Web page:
How young is too young for cutting in the kitchen?
I’m sure it is different for each child, but at 3 1/3 years old, I’ve found that Jemma is more than ready for simple cutting tasks. Not only did this project give her practice in knife safety, it has allowed her to tune some fine motor skills and contribute with dinner preparation. It’s a win win for us all!
Here’s what you’ll need to begin a careful cutting lesson …
- A sturdy chair or learning tower
- A no slip cutting board
- A knife for little hands, our serrated butter knife works well
- Fruits or veggies, something firm, but not hard — celery, bananas, zucchini, etc.
- Small prep bowl for collecting cut pieces
Set up your cutting station and review cutting guidelines. Only use a knife when a parent says it is ok, knives are only used in the kitchen, never point a knife at a person or animal, knives stay on the counter/cutting board and watch out for fingers.
Next, show your child how to begin cutting. Talk through each step while they watch. Then, do it together. Allow them to hold the knife and place their fruit/veggie on the cutting board. Show them the cutting motion. We said, “down, saw and push” as we cut. Then we’d set the knife down, pick up our cut piece and place it in the prep bowl.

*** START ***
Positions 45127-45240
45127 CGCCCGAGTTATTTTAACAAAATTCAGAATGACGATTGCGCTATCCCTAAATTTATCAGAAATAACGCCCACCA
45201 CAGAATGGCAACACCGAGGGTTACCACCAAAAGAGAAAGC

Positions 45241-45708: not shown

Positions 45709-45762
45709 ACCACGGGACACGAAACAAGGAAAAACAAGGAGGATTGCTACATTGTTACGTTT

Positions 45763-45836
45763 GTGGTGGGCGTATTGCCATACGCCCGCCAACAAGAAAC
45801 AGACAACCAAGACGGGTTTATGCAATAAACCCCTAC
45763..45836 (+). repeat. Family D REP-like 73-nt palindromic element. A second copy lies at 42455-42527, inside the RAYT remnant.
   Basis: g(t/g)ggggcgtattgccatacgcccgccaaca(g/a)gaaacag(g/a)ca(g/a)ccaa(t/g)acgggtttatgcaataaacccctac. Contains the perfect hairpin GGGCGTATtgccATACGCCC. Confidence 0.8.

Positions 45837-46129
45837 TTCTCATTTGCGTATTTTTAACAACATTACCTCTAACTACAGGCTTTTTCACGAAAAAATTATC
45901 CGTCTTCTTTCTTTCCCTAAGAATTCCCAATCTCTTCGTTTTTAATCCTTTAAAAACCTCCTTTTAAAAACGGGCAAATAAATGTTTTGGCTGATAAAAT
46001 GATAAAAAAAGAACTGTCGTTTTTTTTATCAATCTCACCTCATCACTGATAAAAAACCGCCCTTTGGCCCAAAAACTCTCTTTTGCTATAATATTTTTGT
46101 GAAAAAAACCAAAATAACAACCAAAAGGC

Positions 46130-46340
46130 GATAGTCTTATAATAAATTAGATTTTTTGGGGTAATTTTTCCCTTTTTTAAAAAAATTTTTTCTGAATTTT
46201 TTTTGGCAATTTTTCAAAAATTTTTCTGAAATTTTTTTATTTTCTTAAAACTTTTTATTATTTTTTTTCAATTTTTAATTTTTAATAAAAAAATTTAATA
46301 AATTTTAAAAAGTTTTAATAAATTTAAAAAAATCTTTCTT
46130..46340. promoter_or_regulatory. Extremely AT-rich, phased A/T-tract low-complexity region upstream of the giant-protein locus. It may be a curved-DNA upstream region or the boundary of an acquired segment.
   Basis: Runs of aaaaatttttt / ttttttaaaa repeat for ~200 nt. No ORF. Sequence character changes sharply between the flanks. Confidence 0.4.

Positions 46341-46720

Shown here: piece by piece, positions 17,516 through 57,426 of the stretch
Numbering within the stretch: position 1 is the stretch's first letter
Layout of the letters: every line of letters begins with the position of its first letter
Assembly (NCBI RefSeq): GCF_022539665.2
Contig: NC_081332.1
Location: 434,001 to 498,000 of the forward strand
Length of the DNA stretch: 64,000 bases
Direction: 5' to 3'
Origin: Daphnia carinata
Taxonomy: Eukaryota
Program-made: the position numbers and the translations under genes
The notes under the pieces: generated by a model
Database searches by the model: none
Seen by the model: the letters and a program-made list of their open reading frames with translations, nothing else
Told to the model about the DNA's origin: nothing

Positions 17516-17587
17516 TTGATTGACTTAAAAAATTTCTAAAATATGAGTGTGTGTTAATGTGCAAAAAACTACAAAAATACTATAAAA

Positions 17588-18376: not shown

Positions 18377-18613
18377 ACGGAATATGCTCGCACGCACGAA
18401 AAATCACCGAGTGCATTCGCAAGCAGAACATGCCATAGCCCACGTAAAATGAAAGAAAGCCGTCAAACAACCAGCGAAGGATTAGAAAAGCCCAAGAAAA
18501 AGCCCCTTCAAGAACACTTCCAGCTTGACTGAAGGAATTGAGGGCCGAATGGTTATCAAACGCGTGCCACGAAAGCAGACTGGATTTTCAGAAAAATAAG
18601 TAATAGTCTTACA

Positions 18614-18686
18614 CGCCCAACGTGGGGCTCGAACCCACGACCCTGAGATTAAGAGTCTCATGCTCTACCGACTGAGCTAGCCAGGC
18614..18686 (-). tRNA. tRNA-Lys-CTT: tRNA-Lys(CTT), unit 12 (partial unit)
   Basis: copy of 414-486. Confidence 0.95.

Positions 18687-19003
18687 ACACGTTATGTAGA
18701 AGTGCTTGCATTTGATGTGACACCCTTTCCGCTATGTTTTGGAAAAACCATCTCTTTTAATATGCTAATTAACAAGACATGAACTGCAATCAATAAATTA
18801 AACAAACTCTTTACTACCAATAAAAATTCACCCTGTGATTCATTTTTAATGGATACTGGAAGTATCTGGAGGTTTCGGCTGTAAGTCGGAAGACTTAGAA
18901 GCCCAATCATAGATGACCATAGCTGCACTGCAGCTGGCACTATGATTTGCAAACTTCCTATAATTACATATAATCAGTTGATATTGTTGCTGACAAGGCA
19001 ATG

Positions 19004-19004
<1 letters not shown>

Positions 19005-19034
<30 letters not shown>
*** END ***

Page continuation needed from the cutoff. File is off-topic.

Then, you watch while your child demonstrates what they’ve learned. Encourage them along with non-praising phrases like, “I can tell you are focusing very hard on this job!” and “I love spending time with you in the kitchen – it’s fun to work on dinner together!”
During our first lesson in cutting, Jemma cut all of the celery for our Paleo Buffalo Chicken Soup. I was so impressed with her concentration and technique. Little ones are capable of so much when given the guidance to achieve new things.
Ready for more Montessori at home? Try your hand at pouring water next!